Pros and Cons of Direct Financing, Leasing, and Hardware as a Service
Let’s go through each of the options and consider their pros and cons:
The pros of directly financing the purchase using existing cash or via a loan from a financial institution, is that it can avoid interest fees entirely if you’re buying it outright without a loan. Or, at least the added interest will cost less compared to the added costs of leasing the equipment. Your company can also benefit from the Capital Cost Allowance (CCA), the project will be fully deductible if you get the equipment and start operating it by December 2023. However, in January 2024, the deductible rate will lower again to 55% on the interest each year. In this case, 55% of the project will be deductible.
As to the cons, a key one is that the purchase can take up a bulk of your capital if its being made directly and outright. There is an opportunity cost to committing to the purchase, as the bulk of cash could be used for other opportunities or to address any emergencies that come up after the commitment to the project and its costs. Additionally, it could be harder to get a bank to approve a loan for a project depending on how long your company has been around for and its credit history, and additionally, banks may look less sympathetically at all three elements of the cost compared to leasers of IT hardware, who will also anticipate the software and labour costs for instance.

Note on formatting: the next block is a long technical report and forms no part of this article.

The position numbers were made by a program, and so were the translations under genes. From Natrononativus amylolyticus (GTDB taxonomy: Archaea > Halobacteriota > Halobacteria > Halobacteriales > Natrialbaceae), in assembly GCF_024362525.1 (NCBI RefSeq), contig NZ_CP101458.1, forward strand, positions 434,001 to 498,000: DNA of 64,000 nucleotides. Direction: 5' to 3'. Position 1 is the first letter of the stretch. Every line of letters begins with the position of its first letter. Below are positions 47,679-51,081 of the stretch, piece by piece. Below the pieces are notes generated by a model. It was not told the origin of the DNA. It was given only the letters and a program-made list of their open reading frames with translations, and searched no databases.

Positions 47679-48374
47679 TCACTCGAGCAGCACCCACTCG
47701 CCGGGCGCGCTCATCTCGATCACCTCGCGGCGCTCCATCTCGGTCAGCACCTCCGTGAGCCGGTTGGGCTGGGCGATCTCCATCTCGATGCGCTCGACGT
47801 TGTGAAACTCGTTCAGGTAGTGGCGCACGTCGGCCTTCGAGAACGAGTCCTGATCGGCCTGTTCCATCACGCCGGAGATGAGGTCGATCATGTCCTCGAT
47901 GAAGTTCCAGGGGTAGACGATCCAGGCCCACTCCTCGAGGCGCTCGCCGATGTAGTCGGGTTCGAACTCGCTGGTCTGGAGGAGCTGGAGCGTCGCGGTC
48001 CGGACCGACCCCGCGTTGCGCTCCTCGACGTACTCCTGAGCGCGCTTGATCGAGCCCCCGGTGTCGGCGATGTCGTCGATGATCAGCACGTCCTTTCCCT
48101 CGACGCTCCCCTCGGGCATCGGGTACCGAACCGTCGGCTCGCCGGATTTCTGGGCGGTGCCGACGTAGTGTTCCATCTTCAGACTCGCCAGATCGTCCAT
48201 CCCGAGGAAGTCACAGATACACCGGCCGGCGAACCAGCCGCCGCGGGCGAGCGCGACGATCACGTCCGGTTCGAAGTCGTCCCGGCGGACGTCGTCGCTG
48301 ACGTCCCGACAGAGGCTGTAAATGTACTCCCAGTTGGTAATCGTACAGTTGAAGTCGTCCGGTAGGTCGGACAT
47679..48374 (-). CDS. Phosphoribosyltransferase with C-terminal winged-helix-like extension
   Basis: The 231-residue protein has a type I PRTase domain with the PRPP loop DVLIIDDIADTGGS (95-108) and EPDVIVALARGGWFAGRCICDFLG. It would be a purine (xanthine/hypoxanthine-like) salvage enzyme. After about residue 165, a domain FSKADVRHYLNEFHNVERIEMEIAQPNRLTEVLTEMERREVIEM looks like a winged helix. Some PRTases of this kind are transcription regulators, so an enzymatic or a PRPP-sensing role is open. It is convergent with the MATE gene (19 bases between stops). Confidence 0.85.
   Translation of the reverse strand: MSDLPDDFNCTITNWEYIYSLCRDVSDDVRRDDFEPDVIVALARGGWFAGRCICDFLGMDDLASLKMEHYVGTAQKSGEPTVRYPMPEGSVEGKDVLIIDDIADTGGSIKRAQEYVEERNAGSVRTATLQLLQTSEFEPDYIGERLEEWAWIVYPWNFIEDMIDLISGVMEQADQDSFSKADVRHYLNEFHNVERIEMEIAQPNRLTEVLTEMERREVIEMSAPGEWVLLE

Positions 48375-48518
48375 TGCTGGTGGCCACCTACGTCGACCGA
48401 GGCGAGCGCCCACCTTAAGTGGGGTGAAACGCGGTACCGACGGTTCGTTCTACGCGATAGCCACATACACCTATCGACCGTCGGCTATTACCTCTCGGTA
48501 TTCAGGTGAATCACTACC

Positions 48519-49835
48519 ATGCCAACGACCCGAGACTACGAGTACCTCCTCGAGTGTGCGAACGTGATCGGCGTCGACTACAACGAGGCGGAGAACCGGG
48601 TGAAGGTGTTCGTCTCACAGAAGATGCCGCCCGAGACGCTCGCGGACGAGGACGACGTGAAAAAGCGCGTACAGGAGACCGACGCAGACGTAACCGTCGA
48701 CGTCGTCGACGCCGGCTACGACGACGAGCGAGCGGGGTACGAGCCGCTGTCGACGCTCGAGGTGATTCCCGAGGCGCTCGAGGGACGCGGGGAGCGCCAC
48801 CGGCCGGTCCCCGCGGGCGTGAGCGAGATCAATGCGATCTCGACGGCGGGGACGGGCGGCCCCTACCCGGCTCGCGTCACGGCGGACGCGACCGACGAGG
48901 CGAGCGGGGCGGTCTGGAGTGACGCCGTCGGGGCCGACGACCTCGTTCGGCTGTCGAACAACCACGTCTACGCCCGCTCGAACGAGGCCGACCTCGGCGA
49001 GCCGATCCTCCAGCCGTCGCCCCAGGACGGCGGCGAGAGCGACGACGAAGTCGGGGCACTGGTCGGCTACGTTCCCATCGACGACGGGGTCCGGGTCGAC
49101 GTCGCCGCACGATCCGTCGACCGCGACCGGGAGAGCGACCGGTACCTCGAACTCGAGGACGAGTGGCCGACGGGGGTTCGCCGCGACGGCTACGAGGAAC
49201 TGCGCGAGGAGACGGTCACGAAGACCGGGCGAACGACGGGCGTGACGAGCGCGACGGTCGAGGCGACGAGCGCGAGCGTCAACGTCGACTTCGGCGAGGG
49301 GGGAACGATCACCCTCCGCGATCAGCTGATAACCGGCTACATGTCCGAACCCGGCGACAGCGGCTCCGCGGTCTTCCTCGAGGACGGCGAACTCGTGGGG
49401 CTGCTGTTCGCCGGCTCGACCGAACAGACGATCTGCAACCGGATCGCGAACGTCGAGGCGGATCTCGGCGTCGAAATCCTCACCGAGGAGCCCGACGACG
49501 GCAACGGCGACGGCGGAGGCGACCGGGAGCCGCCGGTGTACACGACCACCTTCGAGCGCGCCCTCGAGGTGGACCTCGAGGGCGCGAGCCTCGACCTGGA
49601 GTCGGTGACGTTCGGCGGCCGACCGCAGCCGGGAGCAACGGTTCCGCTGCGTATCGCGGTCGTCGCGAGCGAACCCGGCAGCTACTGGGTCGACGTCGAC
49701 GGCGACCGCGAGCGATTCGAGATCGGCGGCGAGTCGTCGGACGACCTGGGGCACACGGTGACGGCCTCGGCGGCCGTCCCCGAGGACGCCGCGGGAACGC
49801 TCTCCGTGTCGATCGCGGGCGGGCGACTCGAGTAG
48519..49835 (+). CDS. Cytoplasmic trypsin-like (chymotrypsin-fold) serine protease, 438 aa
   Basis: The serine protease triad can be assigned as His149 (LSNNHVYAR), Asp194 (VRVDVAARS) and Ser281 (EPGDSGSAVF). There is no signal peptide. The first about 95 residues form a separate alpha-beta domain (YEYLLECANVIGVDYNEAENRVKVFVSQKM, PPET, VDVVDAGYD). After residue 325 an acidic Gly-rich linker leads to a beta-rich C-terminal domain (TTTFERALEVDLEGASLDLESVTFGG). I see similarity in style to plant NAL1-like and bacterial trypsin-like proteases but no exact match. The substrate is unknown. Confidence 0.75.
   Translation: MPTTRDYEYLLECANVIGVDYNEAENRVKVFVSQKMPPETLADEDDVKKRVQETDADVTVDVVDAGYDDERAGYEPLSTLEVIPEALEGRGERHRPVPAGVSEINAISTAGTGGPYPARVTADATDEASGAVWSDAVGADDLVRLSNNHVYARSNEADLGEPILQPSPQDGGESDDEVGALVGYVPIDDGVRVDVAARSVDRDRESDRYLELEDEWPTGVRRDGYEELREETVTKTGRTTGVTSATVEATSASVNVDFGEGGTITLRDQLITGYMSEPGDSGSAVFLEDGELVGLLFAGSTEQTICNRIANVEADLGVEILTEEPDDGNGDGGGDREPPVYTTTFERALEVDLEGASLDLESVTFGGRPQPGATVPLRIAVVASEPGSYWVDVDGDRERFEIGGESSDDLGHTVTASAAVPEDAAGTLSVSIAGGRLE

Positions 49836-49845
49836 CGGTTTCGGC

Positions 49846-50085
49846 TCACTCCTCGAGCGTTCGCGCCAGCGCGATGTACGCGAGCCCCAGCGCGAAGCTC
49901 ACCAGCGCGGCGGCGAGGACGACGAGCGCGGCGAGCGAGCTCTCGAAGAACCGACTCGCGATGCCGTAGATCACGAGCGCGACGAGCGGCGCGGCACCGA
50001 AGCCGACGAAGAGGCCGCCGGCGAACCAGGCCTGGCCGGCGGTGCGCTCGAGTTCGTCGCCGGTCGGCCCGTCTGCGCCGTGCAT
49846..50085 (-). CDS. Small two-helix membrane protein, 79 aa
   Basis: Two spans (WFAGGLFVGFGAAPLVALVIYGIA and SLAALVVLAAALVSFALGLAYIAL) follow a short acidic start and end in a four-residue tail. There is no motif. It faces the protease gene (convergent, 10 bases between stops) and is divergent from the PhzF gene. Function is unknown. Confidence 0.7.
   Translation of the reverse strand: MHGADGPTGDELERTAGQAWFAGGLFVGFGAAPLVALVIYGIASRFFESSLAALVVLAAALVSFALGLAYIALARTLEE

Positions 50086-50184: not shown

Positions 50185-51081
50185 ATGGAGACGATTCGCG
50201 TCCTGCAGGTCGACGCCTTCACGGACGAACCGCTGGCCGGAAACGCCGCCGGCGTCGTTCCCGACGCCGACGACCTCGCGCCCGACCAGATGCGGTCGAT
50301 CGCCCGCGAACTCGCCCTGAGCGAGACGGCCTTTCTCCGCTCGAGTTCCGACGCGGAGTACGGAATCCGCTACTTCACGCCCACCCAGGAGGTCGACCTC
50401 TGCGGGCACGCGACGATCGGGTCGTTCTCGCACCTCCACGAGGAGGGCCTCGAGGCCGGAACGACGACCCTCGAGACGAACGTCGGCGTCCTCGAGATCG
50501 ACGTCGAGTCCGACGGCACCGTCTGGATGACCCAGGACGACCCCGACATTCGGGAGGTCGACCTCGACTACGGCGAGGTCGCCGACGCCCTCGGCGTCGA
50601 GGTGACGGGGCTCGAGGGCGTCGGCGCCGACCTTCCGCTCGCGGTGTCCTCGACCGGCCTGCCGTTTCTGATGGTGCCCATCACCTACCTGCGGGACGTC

The pros of leasing would be that you can use the equipment for an amount of time that is optimal to your business and its growth plans. It can be limiting to be committed to equipment that no longer meets all of your needs. Compared to directly purchasing the hardware, leasing is also relatively better for your cashflow and keeping spare capital around for opportunities or unexpected costs that come up. Leasers will be more sympathetic of all three elements of the project in terms of being willing to finance it. A potential pro is that if by the end of the lease you would like to buy the equipment outright, it could be done with a fair market price that factors in the depreciation of the asset.
The cons of leasing are that there is an implicit interest rate that is built into the costs, which is based on the operational and financial risks of the acquisition project. In general, these will be higher than the interest rates of banks. Beware also of the terms of the contract, for instance, a 5-year lease on a product with 3-years of warranty may lead to your company being held accountable for repairing and/or replacing it if the equipment breaks down in year 4.